9. The learned counsel for the State urged before the High Court that the emphasis laid on Jagani not being arrayed as an accused was totally inconsequential as he had never made any demand from the complainant. He referred to various documents on record and the testimony of the witnesses that the charges levelled against the accused persons had been proven to the hilt and there was nothing on record which would remotely suggest that they had been falsely implicated. The relationship between the complainant and the ACB officer could not be taken into consideration to come to a conclusion that the complaint was false, malafide and the accused persons had been deliberately roped in. It was canvassed by him that the amount had been recovered from the pocket of Trivedi and the demand had been made by the accused Chauhan to handover the amount of illegal gratification to Trivedi. The offence was committed with the consent of both and the same had been established by the oral and documentary evidence. The learned counsel for the State gave immense emphasis on the version of the Panch witnesses, the scientific proof and the testimony of the trapping officer. The principle of presumption was pressed into service and the said contention was edificed by putting forth the stance that the cumulative effect of the evidence on record clearly satisfied the ingredients of Sections 7 and 13(2) read with Section 13(1)(d) of the Act to bring home the charges levelled against the accused persons.
10. The learned single Judge took note of the facts as regards the presence of the accused appellants in the room, the demand made by the appellant No. 2, Chauhan, in the presence of the Panch witness No. 1, the direction by Chauhan to hand it over to Trivedi which established the consent, the deposition of PW-2 about the involvement and complicity of the appellants in the crime, the absence of enmity between the complainant and the accused persons, the unreproachable aspect of the evidence of the witnesses who stood embedded in their stand, the acceptance and recovery that inspired total credence about the demand and acceptance, and the principle of presumption being attracted, all of which would go a long way to show that the prosecution had proven the case beyond reasonable doubt and further considered the inability of the accused-appellants to rebut the presumption as envisaged under Section 20 of the Act, the unacceptability and farfetchedness of the theory of existence of obligation between the informant and the investigating officer to implicate the accused-appellants in the crime, the failure of the appellants to explain how the amount in question was found from their possession and how anthrecene powder was found on their hands and eventually opined that the cumulative aspect of all the facts and circumstances clearly establish the charges framed against the appellants. Being of this view, the High Court affirmed the judgment of acquittal.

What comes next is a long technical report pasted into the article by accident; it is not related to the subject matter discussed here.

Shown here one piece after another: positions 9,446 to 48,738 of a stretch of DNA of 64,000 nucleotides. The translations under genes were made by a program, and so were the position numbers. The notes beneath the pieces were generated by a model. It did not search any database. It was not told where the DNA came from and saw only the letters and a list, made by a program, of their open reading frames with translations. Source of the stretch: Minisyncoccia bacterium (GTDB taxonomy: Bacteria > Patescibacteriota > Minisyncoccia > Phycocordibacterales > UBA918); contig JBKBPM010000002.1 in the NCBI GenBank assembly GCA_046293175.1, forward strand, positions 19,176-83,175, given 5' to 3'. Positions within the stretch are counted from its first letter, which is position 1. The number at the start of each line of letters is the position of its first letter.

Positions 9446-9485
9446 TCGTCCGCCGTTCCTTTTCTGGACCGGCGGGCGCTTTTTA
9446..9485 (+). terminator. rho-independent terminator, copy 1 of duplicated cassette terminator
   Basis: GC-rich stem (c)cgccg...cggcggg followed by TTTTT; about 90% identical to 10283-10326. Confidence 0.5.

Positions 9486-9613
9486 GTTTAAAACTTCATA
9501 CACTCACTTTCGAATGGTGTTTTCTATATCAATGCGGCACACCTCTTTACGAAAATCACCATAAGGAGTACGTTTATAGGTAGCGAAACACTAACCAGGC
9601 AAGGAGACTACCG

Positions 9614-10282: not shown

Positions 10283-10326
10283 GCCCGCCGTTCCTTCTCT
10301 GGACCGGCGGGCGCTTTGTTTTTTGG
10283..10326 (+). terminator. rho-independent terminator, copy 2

11. We have heard the learned counsel of both the parties at length and carefully perused the record.
12. At the outset, we may state that the recovery part has gone totally unchallenged. Though a feeble attempt was made before the High Court and also before us, yet a perusal of the evidence and the test carried out go a long way to show that the amount was recovered from the possession of the accusedappellants. It is the settled principle of law that mere recovery of the tainted money is not sufficient to record a conviction unless there is evidence that bribe had been demanded or money was paid voluntarily as a bribe. Thus, the only issue that remains to be addressed is whether there was demand of bribe and acceptance of the same. Be it noted, in the absence of any evidence of demand and acceptance of the amount as illegal gratification, recovery would not alone be a ground to convict the accused. This has been so stated in T. Subramanian v. The State of Tamil Nadu, AIR 2006 SC 836.
13. The demand and acceptance of the amount as illegal gratification is the sine qua non for constituting an offence under the Act. It is also settled in law that there is a statutory presumption under Section 20 of the Act which can be dislodged by the accused by bringing on record some evidence, either direct or circumstantial, that money was accepted by other than the motive or reward as stipulated under Section 7 of the Act. It is obligatory on the part of the court to consider the explanation offered by the accused under Section 20 of the Act and the consideration of the explanation has to be on the anvil of preponderance of probability. It is not to be proven beyond all reasonable doubt. It is necessary to state here that the prosecution is bound to establish that there was an illegal offer of bribe and acceptance thereof. The same has to be founded on facts. In this context, we may refer with profit to the decision in M. Narsinga Rao v. State of A.P., (2001) 1 SCC 691 wherein a three-Judge Bench referred to Section 20 of the Act and stated that the only condition for drawing the legal presumption under Section 20 is that during trial it should be proved that the accused has accepted or agreed to accept any gratification. The section does not say that the said condition should be satisfied through direct evidence. Its only requirement is that it must be proved that the accused has accepted or agreed to accept the gratification. Thereafter, the Bench produced a passage from Madhukar Bhaskarrao Joshi v. State of Maharashtra, (2000) 8 SCC 571 with approval. It reads as follows:-